August 25, A.D. 2019

“Papa,” said the young girl, “You have to see this!”

Professor Giacomo Accardi followed his daughter as she darted between crates and statuary in the cataloging warehouse.

“Teresa,” he said, trying to keep up, “slow down, girl.”

She stopped and waited near the entrance to the newly discovered harbor district of Pompeii, arms crossed and foot tapping as he slowly limped over. When he had caught up she continued down the walkway at a more manageable pace for him.

“What have you found?”

“An ash man!”

“What is so new to you, little girl, about an ash man? You see them all day.”

She grabbed him by the hand and pulled him along more quickly. “You’ll see!”

They descended into the excavation pits, turned into a newly dug trench, and came to an abrupt stop.

“Shit!” Giacomo said under his breath.

“It’s a sight to see, Professor,” said one of the workmen who had been excavating the area. “I thought my eyes were deceiving me as we dug the old boy out.”

Teresa led her father by the hand close to the ash man, a corpse that was mummified in its death throes by ash and heat. “All I ever see are ash people lying down,” said Teresa. “But this one-”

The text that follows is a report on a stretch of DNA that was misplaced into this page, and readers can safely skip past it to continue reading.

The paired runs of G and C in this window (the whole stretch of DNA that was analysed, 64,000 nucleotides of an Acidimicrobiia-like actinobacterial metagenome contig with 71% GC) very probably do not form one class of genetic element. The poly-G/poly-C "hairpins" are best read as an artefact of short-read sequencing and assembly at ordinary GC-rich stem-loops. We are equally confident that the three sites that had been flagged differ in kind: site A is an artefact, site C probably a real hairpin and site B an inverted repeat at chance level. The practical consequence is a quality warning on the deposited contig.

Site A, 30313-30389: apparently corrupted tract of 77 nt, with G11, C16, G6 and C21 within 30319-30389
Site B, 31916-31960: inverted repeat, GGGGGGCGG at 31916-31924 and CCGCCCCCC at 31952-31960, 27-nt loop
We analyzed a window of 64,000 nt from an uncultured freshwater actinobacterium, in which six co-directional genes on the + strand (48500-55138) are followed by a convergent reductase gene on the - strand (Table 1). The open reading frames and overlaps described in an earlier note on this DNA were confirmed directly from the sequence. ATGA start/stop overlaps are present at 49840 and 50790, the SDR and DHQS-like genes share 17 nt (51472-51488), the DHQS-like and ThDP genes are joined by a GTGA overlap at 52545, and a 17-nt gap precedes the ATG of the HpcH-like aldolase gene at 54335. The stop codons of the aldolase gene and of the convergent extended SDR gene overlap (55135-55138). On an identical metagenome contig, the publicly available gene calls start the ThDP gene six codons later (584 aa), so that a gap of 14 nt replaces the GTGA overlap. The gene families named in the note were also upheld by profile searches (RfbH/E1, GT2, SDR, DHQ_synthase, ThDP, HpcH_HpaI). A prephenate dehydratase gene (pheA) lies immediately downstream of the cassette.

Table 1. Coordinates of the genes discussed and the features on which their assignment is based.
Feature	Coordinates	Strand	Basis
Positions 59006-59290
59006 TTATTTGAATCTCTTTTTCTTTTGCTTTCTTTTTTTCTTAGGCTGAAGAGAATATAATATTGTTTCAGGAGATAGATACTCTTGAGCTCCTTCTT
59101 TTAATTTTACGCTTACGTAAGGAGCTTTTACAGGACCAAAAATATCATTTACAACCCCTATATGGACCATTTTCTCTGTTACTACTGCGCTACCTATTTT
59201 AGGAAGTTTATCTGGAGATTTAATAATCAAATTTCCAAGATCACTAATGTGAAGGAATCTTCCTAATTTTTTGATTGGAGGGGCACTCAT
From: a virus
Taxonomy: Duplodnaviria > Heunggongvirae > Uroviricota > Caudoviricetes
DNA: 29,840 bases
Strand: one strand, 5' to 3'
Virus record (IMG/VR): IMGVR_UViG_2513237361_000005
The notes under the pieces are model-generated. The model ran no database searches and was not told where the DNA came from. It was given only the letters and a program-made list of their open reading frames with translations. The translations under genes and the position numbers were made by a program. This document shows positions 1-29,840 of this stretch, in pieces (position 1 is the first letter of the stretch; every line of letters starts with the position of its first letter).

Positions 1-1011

“He’s standing,” Giacomo said.

Rage of the Jilted Palooka

We now have running for Presidential office a Mr. Donald Trump, a political oddity who has rubbed elbows with both Republicans and Democrats and supported candidates as diverse as Ronald Reagan and Bill Clinton. In my opinion, he is a political opportunist who, unlike the elites of either the Republican or Democrat parties, has sensed the incredible levels of angst and distrust fomenting in the population, and now sees it as an opportunity to gain clout and power. There may be some genuine love for the United States there. There may not. In spite of the spectacle that he has made of American politics, what I find most funny in all of this is the behavior of Conservatives.